1430 W. Berwyn
1430 W. Berwyn
The greystone home at 1430 W. Berwyn is a source of fascination for those who have stumbled upon it and admired the caryatids and other countless architectural artifacts that decorate the house and surrounding courtyard. However, the eclectic ornamentation on the outside of the building is only a small hint of what is found inside. When Michael Pilsner moved into his apartment on the building’s second floor two weeks ago, all he brought with him was a duffel bag. There wasn’t room for anything else.
His apartment came fully furnished and included an occasional drop-in roommate, the building’s owner Ronald Flores*. Mr. Flores bought the property in 1975 for $80,000 and made decorating it inside and out one of his personal hobbies. Trying to discern fact from fiction about this building is no easy task, as Mr. Flores is every bit as eccentric and mysterious as his home.
Let’s start with the facts. The house was built in 1904 for a man by the name of C. Christiansen. The architect was George Pfeiffer, who later ended up moving to Miami designing Art Deco buildings, and the builder was John P. Flick. With its gothic embellishments and heavily rusticated limestone façade, it is an interesting mix of Gothic and Romanesque styles. Its defining caryatids were a later addition by Mr. Flores. He spotted one such caryatid in a sculptor’s studio and asked for him to make three more to fit the turret. Though they look like bronze from below, in actuality they are hollow and constructed of green-painted plaster.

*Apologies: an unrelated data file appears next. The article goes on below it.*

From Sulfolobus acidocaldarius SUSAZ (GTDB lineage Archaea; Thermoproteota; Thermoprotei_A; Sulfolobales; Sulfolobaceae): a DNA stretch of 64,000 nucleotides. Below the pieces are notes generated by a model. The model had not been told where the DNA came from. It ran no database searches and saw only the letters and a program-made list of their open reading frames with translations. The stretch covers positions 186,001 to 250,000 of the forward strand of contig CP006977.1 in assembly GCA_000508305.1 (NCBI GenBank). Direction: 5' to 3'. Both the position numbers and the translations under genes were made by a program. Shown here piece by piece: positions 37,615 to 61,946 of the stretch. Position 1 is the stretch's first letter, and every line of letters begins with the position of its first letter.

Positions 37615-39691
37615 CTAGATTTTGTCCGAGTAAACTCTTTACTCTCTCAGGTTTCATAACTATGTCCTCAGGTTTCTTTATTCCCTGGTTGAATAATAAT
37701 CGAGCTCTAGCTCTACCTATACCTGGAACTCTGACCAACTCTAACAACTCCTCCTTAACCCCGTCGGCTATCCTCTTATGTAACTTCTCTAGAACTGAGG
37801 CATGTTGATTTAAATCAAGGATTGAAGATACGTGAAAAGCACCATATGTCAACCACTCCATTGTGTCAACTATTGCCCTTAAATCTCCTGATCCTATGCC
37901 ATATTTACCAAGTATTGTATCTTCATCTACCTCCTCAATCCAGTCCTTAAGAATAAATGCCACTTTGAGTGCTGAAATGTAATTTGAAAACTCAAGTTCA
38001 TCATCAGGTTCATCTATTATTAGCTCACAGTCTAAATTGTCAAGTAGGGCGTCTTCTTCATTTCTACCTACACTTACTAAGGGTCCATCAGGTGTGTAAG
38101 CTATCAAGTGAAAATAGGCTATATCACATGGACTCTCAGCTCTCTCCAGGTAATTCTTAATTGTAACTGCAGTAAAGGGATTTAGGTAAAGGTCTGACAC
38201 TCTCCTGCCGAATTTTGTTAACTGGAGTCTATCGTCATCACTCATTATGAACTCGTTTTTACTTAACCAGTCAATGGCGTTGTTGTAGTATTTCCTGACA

It is not surprising that a home bedecked with extraordinary ornament on its exterior would have an unconventional interior, but few could imagine just how over-the-top it is. Every iota of space in the second floor apartment is lavishly decorated in 18th century Rococo style . . . on steroids. It feels more like a museum than a home – all that’s missing are tourists and red velvet ropes. There isn’t a single comfortable chair to sit in or place to put up your feet. However, there is no shortage of unexpected things to look at.
According to Mr. Flores, the unlikely ornate gold-painted moldings that decorate the walls and turret were already there when he bought the home, as were many of architectural artifacts filling the courtyard. He said that the furnishings are a mix of things he found in the house and antiques he brought over from a church in Elgin he once owned and lived in for a few years. The focal point of the apartment is the light fixture hanging from the mirrored turret. Like so much of the house, it too is a mystery.
One important mystery of the home has been solved: what the original owners, Mr. And Mrs. C. Christiansen, looked like. Today their busts sit on either side of the living room doors. Apparently, not long after moving into the home a large family appeared at his door claiming to be the descendants of the original owners. One of them had the Christiansen busts in his basement which he gave to Mr. Flores. Dressed in military costumes Flores found in one of his closets, Mr. and Mrs. Christiansen regally stand watch over the 1430 W. Berwyn home.
Ronald Flores owned and managed a number of properties across Chicago. Towards the end of his life (see footnote below) he mostly lived in Elgin. And if the rumors are true, his house there was even more excessive and eccentric than this home in Andersonville. As you can tell, much of the story behind this home is buried in mystery. If you happen to have any information about the house please share it below. In the meantime, take a PHOTO TOUR of the home’s interior, and let us know what you think!
*UPDATE: Since the writing of this post, Mr. Flores passed away in the early winter of 2010.